Phibro: Beneficiary of Citi’s Benign Neglect

Sticking with Citi, Ann Davis has a fantastic front-pager in today’s WSJ on Andrew Hill, who runs commodity-trading subsidiary Phibro. Go read it, it’s full of wonderful details, like Hill’s thousand-year-old castle in Germany, which recently housed a massive Schnabel exhibition.

But the most interesting part of the story is Phibro’s relationship with its parent – something which Hall describes as "benign neglect". Phibro clearly is very successful, but the problem seems to be that Citi’s new CEO, Vikram Pandit, wants to fold it into his asset-management arm.

Mr. Pandit and his team see Phibro as an "underleveraged" brand, which, while still a profit center, has fallen off the financial world’s radar, one executive says. Some top executives at Citigroup hope to establish Phibro as a prestigious investment fund for Citigroup clients. That would move Phibro beyond its current role as a commodities shop trading solely on the bank’s behalf, as Phibro has functioned for years.

Late last year, Citigroup told Phibro executives that it was interested in broadening the unit’s scope by merging it into Citigroup’s asset-management arm. That would effectively turn Phibro into a hedge fund, managing money for clients but much less of Citigroup’s own capital.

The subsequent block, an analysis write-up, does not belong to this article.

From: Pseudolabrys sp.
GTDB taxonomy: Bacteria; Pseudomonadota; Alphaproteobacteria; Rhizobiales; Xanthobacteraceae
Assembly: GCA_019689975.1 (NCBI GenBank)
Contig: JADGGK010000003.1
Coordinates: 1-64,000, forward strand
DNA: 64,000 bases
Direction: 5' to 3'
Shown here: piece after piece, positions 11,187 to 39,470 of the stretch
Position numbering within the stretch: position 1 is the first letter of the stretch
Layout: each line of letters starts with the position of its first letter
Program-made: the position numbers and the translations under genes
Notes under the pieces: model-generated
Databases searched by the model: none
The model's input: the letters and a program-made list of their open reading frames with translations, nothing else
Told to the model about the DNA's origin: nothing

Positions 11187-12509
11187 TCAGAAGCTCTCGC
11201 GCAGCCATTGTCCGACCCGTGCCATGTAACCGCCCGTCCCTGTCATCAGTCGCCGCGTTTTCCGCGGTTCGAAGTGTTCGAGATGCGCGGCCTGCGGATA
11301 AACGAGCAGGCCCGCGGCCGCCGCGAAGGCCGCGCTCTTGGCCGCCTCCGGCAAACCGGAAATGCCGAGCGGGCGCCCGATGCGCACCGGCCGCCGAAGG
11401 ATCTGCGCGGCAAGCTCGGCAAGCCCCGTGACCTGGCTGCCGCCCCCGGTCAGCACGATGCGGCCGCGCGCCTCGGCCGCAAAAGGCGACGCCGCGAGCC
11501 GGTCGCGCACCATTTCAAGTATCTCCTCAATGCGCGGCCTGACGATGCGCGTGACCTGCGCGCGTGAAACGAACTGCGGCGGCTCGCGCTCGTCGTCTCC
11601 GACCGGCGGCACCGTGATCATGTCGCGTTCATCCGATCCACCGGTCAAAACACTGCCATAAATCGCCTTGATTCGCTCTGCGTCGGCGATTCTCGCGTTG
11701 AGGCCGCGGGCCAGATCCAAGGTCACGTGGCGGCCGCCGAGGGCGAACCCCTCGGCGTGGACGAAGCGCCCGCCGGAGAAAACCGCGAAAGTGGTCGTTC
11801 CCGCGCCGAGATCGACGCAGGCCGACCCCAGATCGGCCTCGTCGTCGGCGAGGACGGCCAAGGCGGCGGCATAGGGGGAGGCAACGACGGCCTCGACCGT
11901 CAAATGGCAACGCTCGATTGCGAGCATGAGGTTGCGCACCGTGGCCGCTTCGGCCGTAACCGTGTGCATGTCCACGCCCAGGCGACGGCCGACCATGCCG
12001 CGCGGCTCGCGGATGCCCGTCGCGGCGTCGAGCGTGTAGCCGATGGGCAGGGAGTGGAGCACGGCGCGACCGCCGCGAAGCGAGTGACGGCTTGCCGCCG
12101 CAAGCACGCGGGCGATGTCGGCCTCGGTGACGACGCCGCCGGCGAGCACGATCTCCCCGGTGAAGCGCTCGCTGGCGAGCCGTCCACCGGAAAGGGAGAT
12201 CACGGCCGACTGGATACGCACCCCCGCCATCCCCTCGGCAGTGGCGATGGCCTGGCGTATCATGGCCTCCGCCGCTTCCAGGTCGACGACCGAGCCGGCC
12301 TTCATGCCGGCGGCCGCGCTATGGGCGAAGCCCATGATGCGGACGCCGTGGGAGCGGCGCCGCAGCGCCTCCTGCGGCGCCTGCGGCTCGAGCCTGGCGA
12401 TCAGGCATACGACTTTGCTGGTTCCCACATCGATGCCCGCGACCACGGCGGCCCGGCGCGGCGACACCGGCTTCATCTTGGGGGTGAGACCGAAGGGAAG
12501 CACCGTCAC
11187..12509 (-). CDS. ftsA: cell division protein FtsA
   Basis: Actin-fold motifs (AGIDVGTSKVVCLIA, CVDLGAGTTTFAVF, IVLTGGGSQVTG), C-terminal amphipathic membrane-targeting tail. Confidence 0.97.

The 57-year-old trader balked. Mr. Hall called the idea "a complete nonstarter," according to a person familiar with the exchange.

Phibro is the one bit of Citi which is working really well and making lots of money – and it’s where Pandit wants to start meddling? Has Pandit never heard of the law of unintended consequences, or what happened to the goose that laid golden eggs?

As for Hall’s compensation, yes, he’s made a lot of money, but that’s because he’s been running an enormously-successful commodity trading operation during a massive commodities boom. He’d’ve made just as much, probably, if Phibro had been independent. (Incidentally, "trading" is maybe the wrong word for what Hall is good at: he made most of his money by placing very large long-term bets and then sitting back over the course of a few years and watching them cash in.)

Hall would very clearly be happiest if Pandit would just leave him alone. Since Hall’s so valuable to Citigroup – he accounted for 10% of the bank’s total net income last year – I don’t see why Pandit doesn’t do just that.

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